June 12, 2005
June 12, 2005
June 15, 2005
10.111.1 - 10.111.10
A WORTHY Pursuit for Tomorrow’s Engineers
Richard Boyer and Taryn Melkus Bayles Department of Chemical and Biochemical Engineering University of Maryland Baltimore County
There is a growing concern for the lack of college students pursuing degrees in technical disciplines. As a result, six years ago Northrop Grumman launched the WORTHY (Worthwhile to Help High School Youth) program to provide a unique mentoring/educational outreach program with the objective of cultivating and motivating future technical and business talent. Each year, Northrop Grumman selects at least 10 Baltimore inner-city high school students for the program who are entering their sophomore or junior years, based on their interest in pursuing a technical or business degree, academic performance, leadership skills and community involvement. The students work with two Northrop Grumman mentors during the school year on selected projects tailored to their business interests and technical level. Northrop Grumman collaborates with the University of Maryland Baltimore County to provide a six week summer program for the high school students focused on developing technical, business and leadership skills. Upon graduation from high school, qualified students receive multi-year partial scholarships, in addition the students can return to Northrop Grumman or UMBC to work during the summer while they are in college.
This paper will focus on the WORTHY summer program which was delivered summer of 2004 by UMBC’s Chemical and Biochemical Engineering Department. UMBC’s Shriver Center coordinated the first two weeks of the program, during which the high school students worked on a community service project with elementary school students. This was followed by four weeks of hands-on activities and projects which focused on engineering education. The high school students learned basic engineering concepts, problem solving skills and team work skills. Examples of these activities included toothpick puzzles, aluminum foil boats to float marbles, popsicle bridges, sail cars, paper whirligigs, and magnetic levitation cars. The last two weeks of the program included a final culminating project, which required teams of four students to design, construct, mathematically model and test a hot air balloon. The hot air balloon had to meet specific size, cost, time aloft, and payload criteria. On the final day of the summer program, the Northrop Grumman mentors were invited to UMBC, and the WORTHY students demonstrated their hot air balloon designs and performance, followed by oral presentations of their projects.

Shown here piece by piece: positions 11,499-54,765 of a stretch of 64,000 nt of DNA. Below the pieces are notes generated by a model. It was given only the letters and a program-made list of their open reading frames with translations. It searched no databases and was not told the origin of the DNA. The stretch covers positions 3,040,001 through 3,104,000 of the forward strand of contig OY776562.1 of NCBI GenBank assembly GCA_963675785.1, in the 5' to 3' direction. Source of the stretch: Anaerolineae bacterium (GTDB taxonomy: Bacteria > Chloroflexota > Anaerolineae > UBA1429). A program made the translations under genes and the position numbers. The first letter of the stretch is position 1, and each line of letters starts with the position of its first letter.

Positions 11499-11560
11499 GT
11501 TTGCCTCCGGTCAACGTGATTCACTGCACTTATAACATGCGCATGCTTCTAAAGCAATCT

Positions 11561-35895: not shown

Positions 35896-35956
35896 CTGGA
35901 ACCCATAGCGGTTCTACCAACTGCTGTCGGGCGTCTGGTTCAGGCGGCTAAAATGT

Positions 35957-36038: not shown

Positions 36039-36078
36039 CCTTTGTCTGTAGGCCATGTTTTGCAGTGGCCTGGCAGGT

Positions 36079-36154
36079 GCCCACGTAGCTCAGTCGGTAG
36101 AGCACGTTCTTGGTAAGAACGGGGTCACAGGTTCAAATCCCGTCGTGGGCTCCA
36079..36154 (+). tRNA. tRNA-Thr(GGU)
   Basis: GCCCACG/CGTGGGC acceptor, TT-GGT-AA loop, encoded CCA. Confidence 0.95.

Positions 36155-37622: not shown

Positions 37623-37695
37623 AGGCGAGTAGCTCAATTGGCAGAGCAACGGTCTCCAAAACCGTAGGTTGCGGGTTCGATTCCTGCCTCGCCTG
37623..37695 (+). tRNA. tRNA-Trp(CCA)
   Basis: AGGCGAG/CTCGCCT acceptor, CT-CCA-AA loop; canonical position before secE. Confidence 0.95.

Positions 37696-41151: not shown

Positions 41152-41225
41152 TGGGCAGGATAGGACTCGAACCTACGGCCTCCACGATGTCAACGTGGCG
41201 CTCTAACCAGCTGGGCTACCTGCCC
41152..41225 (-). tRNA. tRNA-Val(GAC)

In 1998, Robert Iorizzo, President of Northrop Grumman Electronic Systems, started the Worthwhile To Help High School Youth (WORTHY) mentoring program that teams Northrop
Proceedings of the 2005 American Society for Engineering Education Annual Conference & Exposition Copyright © 2005, American Society for Engineering Education
Boyer, R., & Bayles, T. (2005, June), A Worthy Pursuit For Tomorrow's Engineers Paper presented at 2005 Annual Conference, Portland, Oregon. 10.18260/1-2--14391
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